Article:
Jin, Jiyan, Azadî

The first feminist revolution was made possible by both women and men: this is the name given to the never-ending uprising in Iran. Johanna Faust supports it in Bern and Berlin and discusses her hope for Iran.

We all have a dream. In this dream, prisoners are not sentenced to death in three minutes. In this dream, executioners do not place nooses around the necks of writers and poets. In this dream, no one dares to oppress minorities. No one dares to punish, imprison, torture, or kill a worker for blogging or speaking their mind. In our dream, no one is firing tear gas into girls’ classrooms, no one is pushing girls off the roof or their heads against curbs, and no one is going to aim a gun at the back of their heads. In our dreams, the wind of freedom will finally blow through women’s hair.

Hamed Esmaeilion, October 22, 2022, in Berlin.

Since the murder of 22-year-old Jina Mahsa Amini on September 16th, thousands of people have taken to the streets every day, risking their lives. Hundreds have already lost their lives, and thousands have been kidnapped and imprisoned in the struggle for self-determination: «Jin, Jiyan, Azadî – Woman, Life, Freedom,» they shout.

The exiled Iranian Shoja Azari, who lives in the USA, writes:

«Amini was a young woman but also a Sunni Kurd. The regime brutally oppresses not only women but also Kurds, Sunnis, and all national minorities in Iran. Sympathy for the young woman, who was murdered during her visit to the capital Tehran for an alleged dress code violation, immediately softened the ethnic divide. The Kurdish slogan ‹Woman, Life, Freedom› was immediately adopted as the national anthem of the revolution. It not only woke up the youth but also created an important symbol that helped create a sense of unity throughout Iran.»

In 2019, I met an Iranian filmmaker at the ‹Zurich Film Festival›. Like my documentary ‹I’ll Be Your Mirror›, her feature film is about motherhood and self-determination. We connected heart-to-heart, immediately and decided to make a documentary together in Iran. The protagonist is an 80-year-old woman who wanted to sing all her life and was repeatedly punished for it. Lastly, by being married off to a man who is deaf. The struggle of the Iranian people against the oppression by the religious fundamentalism of the Islamic Republic of Iran touched me deeply.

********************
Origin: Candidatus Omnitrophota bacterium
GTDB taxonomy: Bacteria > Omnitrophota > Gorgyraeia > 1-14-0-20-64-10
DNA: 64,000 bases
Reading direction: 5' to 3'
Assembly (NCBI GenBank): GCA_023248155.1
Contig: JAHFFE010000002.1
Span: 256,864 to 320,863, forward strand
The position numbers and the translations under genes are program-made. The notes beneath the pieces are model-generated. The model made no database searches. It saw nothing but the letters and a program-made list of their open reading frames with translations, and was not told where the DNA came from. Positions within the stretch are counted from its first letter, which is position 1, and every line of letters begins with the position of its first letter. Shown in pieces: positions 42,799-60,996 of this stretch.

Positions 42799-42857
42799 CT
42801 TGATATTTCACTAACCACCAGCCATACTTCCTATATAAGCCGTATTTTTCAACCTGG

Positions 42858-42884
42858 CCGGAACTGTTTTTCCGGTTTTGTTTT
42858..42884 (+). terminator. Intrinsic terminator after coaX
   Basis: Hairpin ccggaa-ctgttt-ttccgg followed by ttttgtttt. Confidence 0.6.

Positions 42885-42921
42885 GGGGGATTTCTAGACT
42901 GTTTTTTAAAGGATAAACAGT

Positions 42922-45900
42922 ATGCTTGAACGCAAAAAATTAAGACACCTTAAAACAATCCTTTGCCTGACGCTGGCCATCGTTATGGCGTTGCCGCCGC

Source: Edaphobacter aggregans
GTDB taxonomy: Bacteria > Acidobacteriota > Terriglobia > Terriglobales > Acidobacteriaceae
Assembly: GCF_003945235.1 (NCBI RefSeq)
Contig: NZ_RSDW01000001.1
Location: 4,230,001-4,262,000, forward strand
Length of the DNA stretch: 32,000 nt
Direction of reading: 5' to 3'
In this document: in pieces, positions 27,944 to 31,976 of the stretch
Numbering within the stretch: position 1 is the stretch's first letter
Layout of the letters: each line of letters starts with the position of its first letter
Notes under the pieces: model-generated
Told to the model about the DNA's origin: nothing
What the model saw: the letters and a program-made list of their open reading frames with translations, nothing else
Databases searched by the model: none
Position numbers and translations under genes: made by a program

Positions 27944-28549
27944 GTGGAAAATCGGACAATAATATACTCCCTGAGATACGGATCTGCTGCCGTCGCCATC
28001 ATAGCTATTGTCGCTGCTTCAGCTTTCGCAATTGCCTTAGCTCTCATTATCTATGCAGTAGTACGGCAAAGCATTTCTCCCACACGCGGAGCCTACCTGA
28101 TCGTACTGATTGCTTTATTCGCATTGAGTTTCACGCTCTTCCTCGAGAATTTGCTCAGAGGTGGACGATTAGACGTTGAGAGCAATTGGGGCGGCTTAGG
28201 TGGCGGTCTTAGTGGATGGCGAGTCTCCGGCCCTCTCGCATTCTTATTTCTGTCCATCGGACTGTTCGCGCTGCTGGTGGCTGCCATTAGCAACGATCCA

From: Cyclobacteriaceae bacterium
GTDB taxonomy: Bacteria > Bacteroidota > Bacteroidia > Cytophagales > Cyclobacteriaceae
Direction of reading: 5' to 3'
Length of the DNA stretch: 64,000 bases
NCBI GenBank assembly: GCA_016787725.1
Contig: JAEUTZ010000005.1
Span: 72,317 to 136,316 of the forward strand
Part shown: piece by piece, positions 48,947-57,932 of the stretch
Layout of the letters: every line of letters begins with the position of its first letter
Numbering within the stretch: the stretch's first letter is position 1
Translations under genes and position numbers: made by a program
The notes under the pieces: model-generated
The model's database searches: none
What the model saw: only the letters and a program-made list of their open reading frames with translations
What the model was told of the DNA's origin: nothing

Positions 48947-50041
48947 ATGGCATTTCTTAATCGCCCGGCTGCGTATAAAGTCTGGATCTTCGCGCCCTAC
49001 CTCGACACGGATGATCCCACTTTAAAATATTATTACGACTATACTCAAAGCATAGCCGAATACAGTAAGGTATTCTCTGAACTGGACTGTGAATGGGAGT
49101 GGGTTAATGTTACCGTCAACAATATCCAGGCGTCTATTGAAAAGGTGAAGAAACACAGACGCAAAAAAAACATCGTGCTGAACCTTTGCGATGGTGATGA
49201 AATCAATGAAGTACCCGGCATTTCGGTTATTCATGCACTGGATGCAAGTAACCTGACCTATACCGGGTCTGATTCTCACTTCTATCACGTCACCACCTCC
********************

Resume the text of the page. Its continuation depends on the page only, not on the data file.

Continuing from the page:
Image: Demonstration in Berlin, Oktober 22, 2022, Photo: Johanna Faust

My first visit to the filmmaker was already planned. However, the protests in 2019 made our plans impossible. Instead, we met in Vienna and made plans for the future. Through our contact on social media, I became aware of the gruesome death of Mahsa Amini and the subsequent protests. Since then, schoolchildren and students have taken to the streets in Iran. I was wondering what I could do and how I could help. My friend told me that the regime slows down the Internet during protests. But the events must reach the worldwide public. VPN services we install on our computers can bypass the regime’s blockade and allow internet access in Iran. So my friend and others can share the stories about what happened on social media, and we can amplify their voices. It is important that protesters know they will be seen and heard.

The dimension of the whole thing became even more evident to me when I was in Berlin at the largest Iran demonstration in Europe to date, where more than 80,000 people, mainly Iranians of the diaspora, expressed their solidarity. We must all stand up for the women in Iran. Because even in the so-called West, we are still fighting for women’s self-determination, their right to choose what life they want to lead, and freedom. People from all walks of life have joined the protests in Iran. Teachers, public transport workers, oil industry workers, and traders in Iran’s famous markets are on strike. All ethnic groups in the country are united to overthrow Mullah’s regime. They no longer believe in reforming a regime that disrespects, tortures, rapes, and kills women.

If we decide not to stand by their side for women’s rights in Iran, Kurdistan, and Afghanistan, who will support us once it concerns us? Equality for women is also not a matter of course in the US, Europe, and Switzerland. Minorities like LGBTQ+ do not have the same rights or lose them again, and our ‹Western› societies are characterized by systemic racism. Where is our humanity if we don’t join ‹Women, Life, Freedom›?

Officially, Switzerland is once again hiding behind its neutrality, making itself an accomplice to the autocracy from which it profits. Democratic, progressive, and feminist movements must ally themselves with the revolution in Iran. But many seem to be faltering. The silence is unbearable for me. I want to shout, as Big Zis, the Zurich rapper, did last Saturday on the Bundesplatz: «The revolution will be feminist, or it will not be a revolution! And feminism is intersectional and international, or it’s not feminism!» This hope, faith, and courage to stand up for a more just world are the least we owe to the people who fight for their – and I maintain – also for our freedom and give their lives. Lukas Bärfuss concluded his speech in Bern with an appeal that I endorse: «Courage is the first virtue of democracy.»

Photo Sofia Lismont – Translation: Monika Werner

Print Friendly, PDF & Email

Letzte Kommentare